Pakistan and some other participating countries had opposed a Turkish proposal for creating a security mechanism that would have acted as an implementing and monitoring body for confidence-building measures related to Afghanistan. – Photo by AP

ISLAMABAD: The top diplomats of the region meeting in Istanbul on Wednesday for a conference on Afghanistan are unlikely to agree on anything other than a non-binding declaration because of persisting differences among participating states over a deal on a structure for regional security.

Pakistan and some other participating countries had opposed a Turkish proposal for creating a security mechanism that would have acted as an implementing and monitoring body for confidence-building measures related to Afghanistan.

The proposal was based on the assumption that many of the Afghan security woes have origins outside its borders. However, Pakistan and some other countries, including Russia, China and Iran, wanted dynamics within Afghanistan to be addressed for a sustainable solution to the imbroglio.

Pakistan had essentially been pushing for support for reconciliation with insurgents and a political solution to the problem.

A Pakistani diplomat who had been briefed about negotiations on the outcome document expected the declaration, if the attending countries agreed on one, to be a general commitment to fighting terrorism, extremism and narcotics trafficking without any binding provision.

There was, however, no official comment from the Foreign Office in the pre-conference negotiations on the draft of the conference’s declaration.

The Istanbul Conference, the first in a series of international meetings aimed at facilitating a peaceful settlement of the Afghan problem, was meant to get pledges from key regional players to supporting a stable and peaceful Afghanistan by backing transition and reconciliation in the country.

Besides, the conference is expected to focus on regional economic cooperation in the shape of a proposed ‘New Silk Road’.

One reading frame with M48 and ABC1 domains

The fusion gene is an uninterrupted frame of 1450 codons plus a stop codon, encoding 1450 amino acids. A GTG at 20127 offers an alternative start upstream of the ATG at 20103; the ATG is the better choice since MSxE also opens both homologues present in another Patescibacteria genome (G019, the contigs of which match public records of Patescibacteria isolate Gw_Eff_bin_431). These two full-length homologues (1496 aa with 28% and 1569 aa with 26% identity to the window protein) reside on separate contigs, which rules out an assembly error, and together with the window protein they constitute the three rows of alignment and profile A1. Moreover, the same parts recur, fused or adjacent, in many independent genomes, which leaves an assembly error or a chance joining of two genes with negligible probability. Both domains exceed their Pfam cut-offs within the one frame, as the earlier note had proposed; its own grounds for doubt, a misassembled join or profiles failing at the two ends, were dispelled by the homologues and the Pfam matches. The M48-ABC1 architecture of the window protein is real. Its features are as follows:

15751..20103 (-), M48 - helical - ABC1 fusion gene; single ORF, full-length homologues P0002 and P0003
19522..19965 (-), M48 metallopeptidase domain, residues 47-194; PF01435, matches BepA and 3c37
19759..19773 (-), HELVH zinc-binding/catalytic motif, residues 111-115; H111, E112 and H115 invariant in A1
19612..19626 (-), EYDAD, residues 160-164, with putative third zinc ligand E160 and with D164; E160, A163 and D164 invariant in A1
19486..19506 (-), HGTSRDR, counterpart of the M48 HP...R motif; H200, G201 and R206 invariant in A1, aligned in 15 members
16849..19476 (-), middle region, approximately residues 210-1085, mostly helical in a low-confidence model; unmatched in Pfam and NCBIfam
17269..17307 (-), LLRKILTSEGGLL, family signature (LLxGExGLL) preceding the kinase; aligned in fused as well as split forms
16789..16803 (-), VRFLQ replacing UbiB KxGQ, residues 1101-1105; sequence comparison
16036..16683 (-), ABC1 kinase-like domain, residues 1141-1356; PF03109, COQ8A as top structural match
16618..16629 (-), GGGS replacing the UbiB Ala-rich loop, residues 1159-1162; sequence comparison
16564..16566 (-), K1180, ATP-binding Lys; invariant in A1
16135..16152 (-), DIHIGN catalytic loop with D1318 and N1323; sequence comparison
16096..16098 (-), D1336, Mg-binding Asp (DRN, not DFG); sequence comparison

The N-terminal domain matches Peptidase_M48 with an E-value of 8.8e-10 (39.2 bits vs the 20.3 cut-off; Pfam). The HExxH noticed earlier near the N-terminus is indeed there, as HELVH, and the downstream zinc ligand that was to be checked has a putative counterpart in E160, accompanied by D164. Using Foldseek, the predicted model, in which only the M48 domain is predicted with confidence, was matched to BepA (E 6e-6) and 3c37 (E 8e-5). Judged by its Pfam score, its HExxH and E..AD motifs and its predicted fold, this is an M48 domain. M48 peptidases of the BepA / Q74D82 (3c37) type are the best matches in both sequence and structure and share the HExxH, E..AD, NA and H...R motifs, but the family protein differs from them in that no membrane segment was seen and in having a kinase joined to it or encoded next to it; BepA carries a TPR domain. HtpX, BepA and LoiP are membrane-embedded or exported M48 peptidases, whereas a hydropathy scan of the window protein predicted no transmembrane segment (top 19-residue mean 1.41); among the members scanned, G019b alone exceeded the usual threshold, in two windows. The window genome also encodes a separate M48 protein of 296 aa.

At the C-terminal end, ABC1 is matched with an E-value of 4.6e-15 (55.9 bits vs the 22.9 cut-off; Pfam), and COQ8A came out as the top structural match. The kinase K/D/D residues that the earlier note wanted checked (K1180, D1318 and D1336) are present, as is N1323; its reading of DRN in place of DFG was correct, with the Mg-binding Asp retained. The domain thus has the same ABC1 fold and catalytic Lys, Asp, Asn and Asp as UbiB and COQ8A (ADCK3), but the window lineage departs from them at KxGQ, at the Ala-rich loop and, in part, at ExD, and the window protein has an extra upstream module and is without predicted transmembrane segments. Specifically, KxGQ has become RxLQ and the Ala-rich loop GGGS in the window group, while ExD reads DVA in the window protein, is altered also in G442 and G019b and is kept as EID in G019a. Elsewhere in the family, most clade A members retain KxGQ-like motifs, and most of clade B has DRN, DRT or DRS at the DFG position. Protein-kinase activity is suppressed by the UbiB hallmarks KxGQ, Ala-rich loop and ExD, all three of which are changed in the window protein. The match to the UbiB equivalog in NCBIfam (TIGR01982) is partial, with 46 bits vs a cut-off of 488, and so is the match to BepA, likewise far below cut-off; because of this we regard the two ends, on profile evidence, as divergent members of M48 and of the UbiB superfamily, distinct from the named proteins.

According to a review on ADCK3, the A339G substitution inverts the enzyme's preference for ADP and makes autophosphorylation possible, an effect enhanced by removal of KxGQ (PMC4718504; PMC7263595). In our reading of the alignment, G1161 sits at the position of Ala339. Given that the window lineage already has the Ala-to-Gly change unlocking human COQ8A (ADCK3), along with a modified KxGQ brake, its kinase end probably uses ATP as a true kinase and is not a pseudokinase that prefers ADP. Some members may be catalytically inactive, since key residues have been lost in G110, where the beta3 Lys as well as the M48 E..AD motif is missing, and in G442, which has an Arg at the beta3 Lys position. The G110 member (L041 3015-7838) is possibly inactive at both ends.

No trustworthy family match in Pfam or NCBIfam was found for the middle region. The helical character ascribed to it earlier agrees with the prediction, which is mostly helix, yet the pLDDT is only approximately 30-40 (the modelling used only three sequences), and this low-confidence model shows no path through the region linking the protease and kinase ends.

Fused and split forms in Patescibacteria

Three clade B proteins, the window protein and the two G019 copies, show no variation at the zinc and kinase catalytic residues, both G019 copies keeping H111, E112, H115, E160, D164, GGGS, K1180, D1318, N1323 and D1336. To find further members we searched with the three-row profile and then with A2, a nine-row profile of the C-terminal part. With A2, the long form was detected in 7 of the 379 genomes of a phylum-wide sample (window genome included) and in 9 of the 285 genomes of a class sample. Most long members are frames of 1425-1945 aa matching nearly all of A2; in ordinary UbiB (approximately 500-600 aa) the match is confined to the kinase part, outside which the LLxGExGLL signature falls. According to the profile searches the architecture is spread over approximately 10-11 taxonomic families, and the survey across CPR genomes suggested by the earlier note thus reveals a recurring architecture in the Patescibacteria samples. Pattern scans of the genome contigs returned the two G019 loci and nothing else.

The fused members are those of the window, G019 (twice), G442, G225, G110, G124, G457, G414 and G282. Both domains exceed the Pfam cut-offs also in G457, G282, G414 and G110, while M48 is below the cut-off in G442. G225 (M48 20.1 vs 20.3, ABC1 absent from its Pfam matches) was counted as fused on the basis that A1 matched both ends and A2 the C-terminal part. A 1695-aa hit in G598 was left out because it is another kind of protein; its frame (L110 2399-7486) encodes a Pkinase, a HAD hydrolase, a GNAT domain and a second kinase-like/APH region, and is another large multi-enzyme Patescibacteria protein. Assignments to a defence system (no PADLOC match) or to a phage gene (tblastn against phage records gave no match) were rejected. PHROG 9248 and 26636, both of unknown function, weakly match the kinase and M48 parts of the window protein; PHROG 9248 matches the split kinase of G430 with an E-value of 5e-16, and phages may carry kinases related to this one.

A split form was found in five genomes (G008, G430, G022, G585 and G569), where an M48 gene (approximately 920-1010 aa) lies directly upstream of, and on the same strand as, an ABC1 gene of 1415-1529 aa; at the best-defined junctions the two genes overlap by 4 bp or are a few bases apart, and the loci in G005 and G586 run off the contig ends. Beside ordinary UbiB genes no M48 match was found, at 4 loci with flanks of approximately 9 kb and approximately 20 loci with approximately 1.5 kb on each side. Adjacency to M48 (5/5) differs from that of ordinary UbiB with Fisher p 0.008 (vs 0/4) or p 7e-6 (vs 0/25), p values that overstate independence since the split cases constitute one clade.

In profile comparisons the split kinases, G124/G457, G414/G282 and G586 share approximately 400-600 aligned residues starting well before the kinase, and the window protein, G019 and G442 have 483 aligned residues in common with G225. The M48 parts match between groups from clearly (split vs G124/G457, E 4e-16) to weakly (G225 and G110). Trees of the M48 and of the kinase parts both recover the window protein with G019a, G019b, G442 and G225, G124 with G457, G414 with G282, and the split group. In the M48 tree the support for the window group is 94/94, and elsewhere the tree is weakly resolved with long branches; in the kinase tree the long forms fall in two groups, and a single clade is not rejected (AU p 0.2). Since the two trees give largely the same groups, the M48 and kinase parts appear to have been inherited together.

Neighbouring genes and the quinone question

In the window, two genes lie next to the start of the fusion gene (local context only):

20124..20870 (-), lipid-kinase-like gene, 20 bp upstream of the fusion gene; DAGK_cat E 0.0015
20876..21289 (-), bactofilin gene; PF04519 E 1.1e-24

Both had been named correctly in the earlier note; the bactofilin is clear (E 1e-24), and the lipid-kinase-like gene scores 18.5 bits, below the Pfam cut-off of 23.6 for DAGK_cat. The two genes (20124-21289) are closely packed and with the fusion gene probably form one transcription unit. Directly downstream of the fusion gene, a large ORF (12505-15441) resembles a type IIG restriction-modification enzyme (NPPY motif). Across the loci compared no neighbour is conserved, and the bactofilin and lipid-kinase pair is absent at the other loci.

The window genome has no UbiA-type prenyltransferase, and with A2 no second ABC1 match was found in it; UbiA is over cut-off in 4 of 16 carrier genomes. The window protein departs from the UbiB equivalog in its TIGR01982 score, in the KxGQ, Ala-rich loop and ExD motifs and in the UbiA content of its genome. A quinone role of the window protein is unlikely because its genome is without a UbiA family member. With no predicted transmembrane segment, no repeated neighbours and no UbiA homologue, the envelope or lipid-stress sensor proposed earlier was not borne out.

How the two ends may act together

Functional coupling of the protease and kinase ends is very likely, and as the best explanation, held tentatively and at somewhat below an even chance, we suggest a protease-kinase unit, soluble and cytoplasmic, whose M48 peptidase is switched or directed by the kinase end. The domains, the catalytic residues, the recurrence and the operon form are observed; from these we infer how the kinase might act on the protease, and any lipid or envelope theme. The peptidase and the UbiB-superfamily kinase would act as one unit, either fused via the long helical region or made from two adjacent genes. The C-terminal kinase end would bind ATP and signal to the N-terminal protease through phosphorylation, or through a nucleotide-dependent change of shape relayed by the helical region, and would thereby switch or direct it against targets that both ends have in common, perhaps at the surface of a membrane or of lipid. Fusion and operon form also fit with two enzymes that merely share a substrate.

Lack of consensus in Istanbul bodes ill for the Bonn Conference slated for Dec 5, which would have built on the progress achieved in Turkey.

Foreign Minister Hina Rabbani Khar is representing Pakistan at the conference being attended by representatives from Afghanistan, China, India, Iran, Kazakhstan, Kyrgyzstan, Pakistan, Russia, Saudi Arabia, Tajikistan, Turkey, Turkmenistan, Uzbekistan and the United Arab Emirates.

The US and some other western countries will also be represented at the regional meeting.

US Secretary of State Hillary Clinton wouldn’t be able to attend the conference because of the death of her mother and Iranian Foreign Minister Ali Akbar Salehi would stay away because of differences with Turkey over the Syrian crisis.

The meeting is taking place against the backdrop of fresh strains in ties between Pakistan and Afghanistan following the assassination of Afghan High Peace Council chairman Burhanuddin Rabbani.

The Pakistan-Afghanistan-Turkey summit held on Tuesday does not appear to have fully bridged the mistrust as revealed by Afghan Deputy Foreign Minister Jawed Ludin’s media statement: “So we are at a stage where we need to move beyond words, beyond expressions of commitments. We need to get to a stage where we actually do concrete things that will address our concerns with regard to our security.”

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